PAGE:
Jaeah Lee


Jaeah reports, writes, codes, and charts at Mother Jones. Her writings have appeared in The Atlantic, the Guardian, WiredChristian Science Monitor, Global Post, Huffington Post, Talking Points Memo, and Grist. She was a 2013-14 Middlebury fellow in environmental journalism. Her work has been named a finalist in the Data Journalism Awards. In a former life, she researched and wrote about China at the Council on Foreign Relations.

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What It'll Take to Make Seattle Carbon Neutral

| Thu Aug. 11, 2011 5:00 AM EDT

Just over a year after Seattle announced plans to go carbon neutral, a government-commissioned study outlines just how the city might reach its goal. The report, penned primarily by the international research group Stockholm Environment Institute and introduced to the City Council in May, lays out a detailed scenario in which Seattle cuts back its greenhouse gas emissions by 90 percent in 2050 (compared to the amount it emitted in 2008).

The plan is likely the most ambitious any US city has seen thus far. While carbon neutrality in its strictest form means emitting net zero carbon emissions, the term has also been used describe city efforts to offset greenhouse gas emissions from specific industries (like utilities or construction), as Phoenix, Austin, and Vancouver are doing. Seattle's goal stands out because it would be first in the US and third in the world (after Copenhagen and Melbourne) to consider nearly zeroing out emissions across the board.

Seattle is particularly well-positioned to meet its goal, the study's authors say, because much of its electricity is already sourced from renewable hydropower rather than fossil fuels. The city could further cut back on emissions by making its buildings (old and new) more energy efficient, public transportation more efficient and widespread, charging higher tolls, reducing landfill, and establishing an alternative fuel-based auto fleet. The city could completely offset its emissions by the same year, the study adds, if it sequestered greenhouse gases through urban forests or invested in emissions reductions projects elsewhere. But even for a city with a relatively small carbon footprint like Seattle, there are many steps to take before achieving carbon neutrality. Here are some highlighted in the report:

  • Make 80 percent of Seattle's transportation system consist of electric vehicles by 2050. (The city has already decided to invest $20 million on electric car charging infrastructure and is revising its electric code to require residential buildings to make room for private charging stations.)
  • Increase tolls, parking fees, and replace traditional auto insurance policies with pay-per-mile ones—assuming that the more you drive, the more likely you'll get into an accident, and thus the more you should pay for insurance.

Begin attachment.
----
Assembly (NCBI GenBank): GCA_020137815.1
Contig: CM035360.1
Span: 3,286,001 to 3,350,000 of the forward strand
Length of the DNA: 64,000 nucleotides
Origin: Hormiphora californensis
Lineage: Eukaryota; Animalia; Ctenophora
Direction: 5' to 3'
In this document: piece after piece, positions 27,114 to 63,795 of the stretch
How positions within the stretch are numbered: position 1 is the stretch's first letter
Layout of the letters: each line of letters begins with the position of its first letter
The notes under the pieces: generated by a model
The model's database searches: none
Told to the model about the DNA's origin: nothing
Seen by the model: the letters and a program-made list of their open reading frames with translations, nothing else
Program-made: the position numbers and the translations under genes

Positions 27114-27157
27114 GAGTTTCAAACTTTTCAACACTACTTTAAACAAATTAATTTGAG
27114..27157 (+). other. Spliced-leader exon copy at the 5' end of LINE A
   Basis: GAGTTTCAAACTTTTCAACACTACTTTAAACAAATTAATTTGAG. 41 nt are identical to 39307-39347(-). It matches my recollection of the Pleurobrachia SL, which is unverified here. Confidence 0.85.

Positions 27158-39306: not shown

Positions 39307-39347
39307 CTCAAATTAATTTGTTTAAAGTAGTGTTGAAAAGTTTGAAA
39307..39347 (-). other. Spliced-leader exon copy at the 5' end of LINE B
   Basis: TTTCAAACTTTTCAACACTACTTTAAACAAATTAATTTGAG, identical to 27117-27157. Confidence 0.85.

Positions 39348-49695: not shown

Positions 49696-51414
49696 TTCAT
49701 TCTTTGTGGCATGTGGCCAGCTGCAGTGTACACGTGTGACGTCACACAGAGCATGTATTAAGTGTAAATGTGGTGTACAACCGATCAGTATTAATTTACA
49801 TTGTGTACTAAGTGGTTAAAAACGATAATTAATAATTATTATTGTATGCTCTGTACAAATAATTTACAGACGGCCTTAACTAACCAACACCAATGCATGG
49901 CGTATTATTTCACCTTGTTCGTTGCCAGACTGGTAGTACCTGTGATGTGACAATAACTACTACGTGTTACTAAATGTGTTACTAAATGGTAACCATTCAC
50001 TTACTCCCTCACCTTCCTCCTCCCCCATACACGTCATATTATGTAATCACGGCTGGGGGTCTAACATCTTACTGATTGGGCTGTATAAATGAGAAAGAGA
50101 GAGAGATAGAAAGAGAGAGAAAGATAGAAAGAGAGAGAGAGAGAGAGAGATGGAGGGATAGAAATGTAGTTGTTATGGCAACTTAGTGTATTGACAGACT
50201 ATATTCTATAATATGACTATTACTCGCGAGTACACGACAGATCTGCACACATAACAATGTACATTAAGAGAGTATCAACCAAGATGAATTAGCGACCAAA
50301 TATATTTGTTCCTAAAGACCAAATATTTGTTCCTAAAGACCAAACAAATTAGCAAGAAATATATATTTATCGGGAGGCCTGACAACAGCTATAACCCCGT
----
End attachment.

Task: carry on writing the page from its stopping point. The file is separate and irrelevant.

• Replace gas-based home heating systems with a more efficient network of electric heat pumps, which extract heat from the outside and underground to warm or cool a household.
  • Create more jobs within the city proper to reduce the need to commute by car and build denser neighborhoods to avoid urban sprawl.
  • Ramp up recycling programs so that by 2050 75 percent of the city's waste averts the landfill, which is a major emitter of methane gas. Currently, the study calculates, 49 percent of Seattle's waste is either recycled or composted.

The study's authors concede that they do not include an analysis of the economic impact such strategies would have, nor do they account for the funding or political challenges that could slow down the city's adoption and implementation of the plan. They also notes that some strategies could lead to a rebound in emissions. If more efficient home energy systems lowered bills, for example, consumers would have more money to spend on businesses, which in turn could elevate commercial energy use.

Still, with broader climate legislation out of reach in Washington and a global climate agreement locked in a political stalemate, efforts like Seattle's set an important example of how cities can significantly reduce their emissions without further ado.

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New Report: CO2 Emissions Cost Way More Than You Think

| Wed Aug. 3, 2011 7:04 PM EDT

Since the Bush years, government agencies like the Environmental Protection Agency, Council on Economic Advisers, and Department of Transportation have been calculating the economic costs of the damage caused by carbon dioxide emissions and the resulting climate change. Depending on who's running the calculation and their methodology (economic modeling based on projected growth, climate behavior, and related physical damages), these estimates currently range from $5.50 and $72 per ton of CO2. A new report, however, says that these estimates are way too low.

In 2010, one ton of CO2 in the atmosphere cost up to $893 in economic damage—more than 12 times the government's highest estimate.